One effective strategy for reaching this group is a loyalty discount or frequent–buyer program.

Typically, value–messaging works. Hispanic decision–makers will pay more for quality that lasts.

“Households are often headed by a strong female who controls the buying,” Villa says. “She wants the best for her family.” Because close family connections are key in Hispanic culture, messaging that promotes strong relationships and family can pay off. This segment, especially Hispanic moms, can be receptive to messages about organic and environmentally sustainable products.

Keep in mind also that the Hispanic consumer, in general, tends to be younger—62% of Hispanics are under the age of 34; 25% are under 18, according to Villa. Targeting this group can create lifetime brand loyalty and a high ROI over time.


Broadly targeted marketing efforts often fail to speak successfully to black Americans, according to marketing experts.

“It’s a fallacy to say that America’s a ‘melting pot,’ ” says Al Anderson, chairman and founder of Atlanta–based Anderson Communications, which specializes in marketing to black consumers.

“We’re more like a salad bowl—if a tomato’s in that salad bowl, it’s still a tomato. African–Americans have different aspirations, consume different media and hold different values. Blacks are not dark–skinned white people.”

Context, relevancy and a respect for differences are requisites for creating effective brand messages aimed at blacks.

“Often marketers, in attempting to target the African–American market, just take a general market message and put in a black person or take a radio spot and use a rhythm–and–blues music background and say ‘job done,’ explains Gene Morris, chairman and chief executive officer of E. Morris Communications Inc. in Chicago. “But each of us is the sum total of all of our experiences. The ‘black experience’ is different from a general market experience.”

He continues: “We (African–Americans) tend be critical and highly sensitive to advertising messages. Marketers have to be cautious and aware to avoid patronizing or offending. Testing your messaging and creative is crucial.”

One failed approach Morris has seen marketers take in targeting ethnic groups is creating a “United Nations ad”—jamming a variety of ethnicities and cultures together.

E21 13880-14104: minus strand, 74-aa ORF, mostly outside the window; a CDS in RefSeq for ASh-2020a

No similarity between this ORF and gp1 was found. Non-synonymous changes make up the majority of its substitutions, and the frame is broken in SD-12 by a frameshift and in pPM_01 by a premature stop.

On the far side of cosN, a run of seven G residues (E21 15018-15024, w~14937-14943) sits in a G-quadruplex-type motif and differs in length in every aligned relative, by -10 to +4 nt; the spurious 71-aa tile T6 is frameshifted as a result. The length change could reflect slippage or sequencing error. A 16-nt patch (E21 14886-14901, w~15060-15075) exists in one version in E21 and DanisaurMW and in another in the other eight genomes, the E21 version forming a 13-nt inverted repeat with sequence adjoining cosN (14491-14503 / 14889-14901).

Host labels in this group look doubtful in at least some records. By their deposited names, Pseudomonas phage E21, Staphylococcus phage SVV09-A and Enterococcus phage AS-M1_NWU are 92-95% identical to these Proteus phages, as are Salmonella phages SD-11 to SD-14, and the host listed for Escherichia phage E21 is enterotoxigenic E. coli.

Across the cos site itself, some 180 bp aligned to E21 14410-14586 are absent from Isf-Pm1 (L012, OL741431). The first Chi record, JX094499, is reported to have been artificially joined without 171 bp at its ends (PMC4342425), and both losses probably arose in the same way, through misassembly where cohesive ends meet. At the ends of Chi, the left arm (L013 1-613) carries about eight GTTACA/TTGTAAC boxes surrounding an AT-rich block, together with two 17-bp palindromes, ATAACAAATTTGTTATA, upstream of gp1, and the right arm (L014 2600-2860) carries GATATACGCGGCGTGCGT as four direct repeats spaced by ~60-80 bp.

“That doesn’t speak to the unique cultural experiences,” he says.

General media buys can miss the mark, too.

“Black and white audiences don’t watch the same TV programs,” Morris says. “ ‘Seinfeld,’ at its peak, was No. 1 among white audiences—and 129th among blacks. ‘Friends’ ranked high in the general market, but scored low among African–Americans.”

Anderson adds, “Social media has been embraced by African–Americans, who are early adopters. Younger African–Americans use Twitter, Black Planet and Black America Web in large numbers. But radio is the media that reaches better than 94% of urban black audiences.”

One way to reach educated, professional black women is affinity–based marketing through proprietary mailing lists of large black sororities such as Delta Sigma Theta and Alpha Kappa Alpha.

“With more attention being paid to the Hispanic segment, manufacturers can find that the African–American market can be low–hanging fruit ready to harvest,” Morris says. “Look at McDonald’s. They’re the ‘gold standard’ of success in winning and building brand loyalty among African–Americans.”


Asians make up a small percentage of the U.S. population, but tend to be better educated with higher disposable incomes than some other groups, according to marketing experts.

“Asian–Americans exceed the median household incomes of Hispanic and African–Americans and they’re more than $9,000 ahead of non–Hispanic white households,” Gitlin says.

This segment is often attracted to high–end products with lasting value and brand–name recognition.
“Right now, savvy marketers can fly under the radar in targeting this group,” he says. “The Asian–American market remains largely uncharted territory. Brands can enjoy what may be the last frontier of first–mover advantage, thus establishing a solid position in a market that will inevitably be addressed by all competitors.”